Budapest is a city that beckons travellers with its flamboyant art nouveau architecture, invigorating thermal baths and vibrant bar scene. Aptly dubbed the Paris of the East, this enchanting destination boasts numerous cultural treasures and proudly embraces eight UNESCO World Heritage sites within its borders. This place had long been on our travel bucket list , so we decided to finally make it a reality last January.
As usual, we planned everything down to the last detail. All the popular sites were researched, reservations were made and we booked an apartment with a magnificent view of the historic Dohany Street Synagogue. However, as we delved deeper into the annals of this remarkable city’s history, we faced a sad truth—the shadows of a dark past.
In 1944, a haunting chapter unfolded in Hungarian history as the country fell prey to the clutches of Nazi Germany. With an alarming synchronization of ideologies centered around nationalism, anti-communism and anti-Semitism, the German invaders swiftly installed the Arrow Cross Party as the puppet government. Their particular brand of anti-Semitism called for a society that was completely absent of Jews. In 1944 and 1945, as many as 20,000 Hungarian Jews were executed or sent to concentration camps.
Shoes more valuable than humans
When we compiled our itinerary of things to do in Budapest, we knew that there was one historic place where we needed to pay our respects. It is situated along the east side of the Danube River, near the Parliament building, where many of the Jews were murdered.
The Jews were lined up along the edge of the river and ordered to take off their shoes because they were considered more valuable than the actual human beings who were wearing them. They were executed by firing squad and their barefoot bodies fell into the river and were carried away. The shoes were later sold.
In 2005, a memorial was erected at this location to honour the memory of the Jews who were massacred. It’s called Shoes on the Danube. It was conceived by Hungarian film director Can Togay and created by sculptor Gyula Pauer. It consists of 60 pairs of 1940s-era shoes that are affixed to the wall that borders the river.
There are men’s shoes, women’s shoes and children’s shoes that are made of rusted metal and represent the shoes that were left behind. Along the memorial, you will find several bronze plaques written in Hungarian, Hebrew and English that read “To the memory of the victims shot into the Danube by the Arrow Cross militiamen in 1944-45.”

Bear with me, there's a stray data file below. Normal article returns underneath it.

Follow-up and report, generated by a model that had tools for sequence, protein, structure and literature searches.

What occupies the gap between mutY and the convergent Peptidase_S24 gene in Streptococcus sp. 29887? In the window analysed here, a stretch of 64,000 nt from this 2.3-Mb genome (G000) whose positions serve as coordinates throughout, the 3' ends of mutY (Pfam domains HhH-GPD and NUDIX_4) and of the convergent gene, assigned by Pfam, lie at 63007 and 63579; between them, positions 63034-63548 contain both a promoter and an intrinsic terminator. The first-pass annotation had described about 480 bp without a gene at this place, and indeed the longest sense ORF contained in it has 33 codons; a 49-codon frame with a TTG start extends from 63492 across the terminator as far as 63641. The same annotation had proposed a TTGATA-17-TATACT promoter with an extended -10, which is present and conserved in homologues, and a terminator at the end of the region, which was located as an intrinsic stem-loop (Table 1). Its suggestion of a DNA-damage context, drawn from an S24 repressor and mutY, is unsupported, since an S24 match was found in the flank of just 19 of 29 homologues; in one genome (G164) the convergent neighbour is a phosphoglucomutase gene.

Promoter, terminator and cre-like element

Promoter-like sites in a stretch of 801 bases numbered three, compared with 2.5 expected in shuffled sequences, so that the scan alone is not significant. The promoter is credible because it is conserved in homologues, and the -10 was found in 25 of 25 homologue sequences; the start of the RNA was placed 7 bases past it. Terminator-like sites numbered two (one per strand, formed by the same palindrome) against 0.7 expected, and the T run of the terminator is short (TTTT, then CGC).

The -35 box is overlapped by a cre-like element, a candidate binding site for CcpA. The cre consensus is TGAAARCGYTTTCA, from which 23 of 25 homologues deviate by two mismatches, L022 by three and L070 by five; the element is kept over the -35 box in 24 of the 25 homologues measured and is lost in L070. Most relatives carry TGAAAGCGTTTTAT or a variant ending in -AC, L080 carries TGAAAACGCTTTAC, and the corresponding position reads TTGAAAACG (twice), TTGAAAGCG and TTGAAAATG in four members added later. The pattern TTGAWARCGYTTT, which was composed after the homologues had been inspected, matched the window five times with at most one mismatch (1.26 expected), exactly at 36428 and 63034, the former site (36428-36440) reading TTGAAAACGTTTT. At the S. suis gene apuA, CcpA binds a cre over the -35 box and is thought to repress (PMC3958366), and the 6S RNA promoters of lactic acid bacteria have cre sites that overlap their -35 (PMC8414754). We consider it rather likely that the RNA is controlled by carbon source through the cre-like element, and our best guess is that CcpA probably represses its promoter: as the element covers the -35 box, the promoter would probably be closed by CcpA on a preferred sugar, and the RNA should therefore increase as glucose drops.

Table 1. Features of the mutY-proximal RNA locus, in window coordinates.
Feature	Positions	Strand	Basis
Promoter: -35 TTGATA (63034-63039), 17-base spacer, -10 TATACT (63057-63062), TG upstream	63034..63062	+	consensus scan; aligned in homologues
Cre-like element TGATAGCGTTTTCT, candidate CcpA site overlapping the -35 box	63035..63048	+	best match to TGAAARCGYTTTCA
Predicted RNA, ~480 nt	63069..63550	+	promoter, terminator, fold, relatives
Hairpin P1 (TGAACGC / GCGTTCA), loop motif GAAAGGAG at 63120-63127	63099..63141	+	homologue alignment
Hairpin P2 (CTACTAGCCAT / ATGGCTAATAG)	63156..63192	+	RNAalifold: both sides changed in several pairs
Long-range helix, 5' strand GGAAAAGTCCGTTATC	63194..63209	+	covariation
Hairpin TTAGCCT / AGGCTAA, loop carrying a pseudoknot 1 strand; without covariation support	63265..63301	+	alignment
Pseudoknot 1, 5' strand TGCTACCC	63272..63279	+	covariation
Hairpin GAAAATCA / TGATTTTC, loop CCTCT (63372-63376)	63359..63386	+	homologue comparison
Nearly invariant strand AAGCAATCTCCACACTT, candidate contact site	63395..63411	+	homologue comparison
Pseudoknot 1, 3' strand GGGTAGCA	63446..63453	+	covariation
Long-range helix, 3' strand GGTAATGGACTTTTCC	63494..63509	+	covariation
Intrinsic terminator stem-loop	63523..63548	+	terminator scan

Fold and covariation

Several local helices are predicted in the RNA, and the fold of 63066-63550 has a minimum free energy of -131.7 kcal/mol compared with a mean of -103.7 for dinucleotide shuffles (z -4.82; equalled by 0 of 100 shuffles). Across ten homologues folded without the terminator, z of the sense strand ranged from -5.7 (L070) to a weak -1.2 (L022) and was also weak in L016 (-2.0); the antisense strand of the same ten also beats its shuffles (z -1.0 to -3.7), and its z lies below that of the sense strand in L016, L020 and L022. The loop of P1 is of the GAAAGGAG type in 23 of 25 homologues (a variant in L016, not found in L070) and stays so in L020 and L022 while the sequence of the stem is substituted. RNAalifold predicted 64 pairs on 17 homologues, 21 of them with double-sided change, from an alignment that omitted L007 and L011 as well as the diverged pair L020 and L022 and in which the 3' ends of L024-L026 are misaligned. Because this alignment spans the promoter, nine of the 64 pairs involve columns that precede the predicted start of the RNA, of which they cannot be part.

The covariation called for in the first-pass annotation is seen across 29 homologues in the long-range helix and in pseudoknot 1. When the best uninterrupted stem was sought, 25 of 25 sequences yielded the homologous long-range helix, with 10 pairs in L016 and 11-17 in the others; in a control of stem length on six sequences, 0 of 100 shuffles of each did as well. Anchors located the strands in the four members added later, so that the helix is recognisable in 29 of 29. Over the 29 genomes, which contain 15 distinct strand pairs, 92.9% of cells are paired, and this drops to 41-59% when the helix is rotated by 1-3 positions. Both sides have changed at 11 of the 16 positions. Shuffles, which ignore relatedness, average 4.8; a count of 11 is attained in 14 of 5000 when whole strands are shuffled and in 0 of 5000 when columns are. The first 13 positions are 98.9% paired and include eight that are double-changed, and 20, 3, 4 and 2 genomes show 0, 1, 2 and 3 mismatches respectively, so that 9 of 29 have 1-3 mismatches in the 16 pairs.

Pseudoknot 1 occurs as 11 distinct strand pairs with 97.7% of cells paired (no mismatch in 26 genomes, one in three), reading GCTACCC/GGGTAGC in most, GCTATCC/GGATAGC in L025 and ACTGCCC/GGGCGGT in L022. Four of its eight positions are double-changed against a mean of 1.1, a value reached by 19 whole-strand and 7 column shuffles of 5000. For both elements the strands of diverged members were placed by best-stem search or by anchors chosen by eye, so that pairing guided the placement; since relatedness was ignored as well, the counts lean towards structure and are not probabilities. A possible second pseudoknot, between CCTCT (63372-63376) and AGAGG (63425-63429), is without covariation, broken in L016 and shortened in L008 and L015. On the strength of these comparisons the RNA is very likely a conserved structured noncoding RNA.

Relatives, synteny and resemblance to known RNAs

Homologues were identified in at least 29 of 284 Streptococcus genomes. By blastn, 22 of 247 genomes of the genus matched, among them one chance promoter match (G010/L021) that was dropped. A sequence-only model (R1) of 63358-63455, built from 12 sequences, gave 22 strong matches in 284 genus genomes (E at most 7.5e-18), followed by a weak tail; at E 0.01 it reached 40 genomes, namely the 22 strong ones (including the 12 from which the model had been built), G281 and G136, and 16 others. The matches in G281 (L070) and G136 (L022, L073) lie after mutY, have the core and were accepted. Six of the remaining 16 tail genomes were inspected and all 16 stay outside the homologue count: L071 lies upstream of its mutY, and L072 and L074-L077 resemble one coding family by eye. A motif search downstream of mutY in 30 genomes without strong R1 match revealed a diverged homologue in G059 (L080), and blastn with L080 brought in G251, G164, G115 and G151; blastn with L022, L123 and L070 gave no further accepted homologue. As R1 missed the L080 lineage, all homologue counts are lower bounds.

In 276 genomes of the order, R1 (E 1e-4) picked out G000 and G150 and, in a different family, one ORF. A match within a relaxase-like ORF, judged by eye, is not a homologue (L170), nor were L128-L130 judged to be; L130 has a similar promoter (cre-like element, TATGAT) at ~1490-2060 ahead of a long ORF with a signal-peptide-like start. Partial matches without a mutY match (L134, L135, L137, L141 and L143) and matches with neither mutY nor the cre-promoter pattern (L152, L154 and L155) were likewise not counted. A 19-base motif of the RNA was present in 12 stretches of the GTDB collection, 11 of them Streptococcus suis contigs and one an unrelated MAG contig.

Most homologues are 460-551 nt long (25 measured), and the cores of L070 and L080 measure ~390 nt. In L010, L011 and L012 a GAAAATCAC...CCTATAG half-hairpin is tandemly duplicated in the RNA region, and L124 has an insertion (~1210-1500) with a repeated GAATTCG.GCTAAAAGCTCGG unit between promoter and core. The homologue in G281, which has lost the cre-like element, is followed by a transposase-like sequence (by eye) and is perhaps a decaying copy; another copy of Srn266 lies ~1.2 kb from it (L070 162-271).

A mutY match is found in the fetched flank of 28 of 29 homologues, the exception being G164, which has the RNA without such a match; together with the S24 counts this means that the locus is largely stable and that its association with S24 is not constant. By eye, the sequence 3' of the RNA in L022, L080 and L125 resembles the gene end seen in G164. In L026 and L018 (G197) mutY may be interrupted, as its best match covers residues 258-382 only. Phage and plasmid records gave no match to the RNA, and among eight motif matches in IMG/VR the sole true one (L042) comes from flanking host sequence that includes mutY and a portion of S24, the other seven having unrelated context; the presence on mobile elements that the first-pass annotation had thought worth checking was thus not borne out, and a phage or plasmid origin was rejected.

When we arrived at the memorial, it became abundantly clear that this was no tourist attraction—it was hallowed ground. Flowers were placed inside many of the shoes and men in yarmulkes bowed their heads in silent prayer, their whispers a poignant melody mingling with the gentle current of the Danube. It was easy to imagine the horrible things that transpired here.
As we took in the spectacle before us, I was reminded of something that I read about early Celtic Christians. They believed there are places in the world where the veil separating heaven and Earth is somehow smaller. They called them “thin places.” As I raised my camera and tried to capture the essence of this evocative tribute, a realization washed over me—a profound understanding that I stood within such a place.
The Shoes on the Danube Memorial is a stark reminder of war’s atrocities and their impact on humanity. A visit to this site will leave you feeling both haunted and grateful for the chance to pay your respects to the memory of those who lost their lives. No trip to Budapest would be complete without a visit to this important landmark.
«RELATED READ» THIN PLACES: Where the diaphanous veil between this world and the eternal world is permeable»
all images courtesy of author
Leave a Reply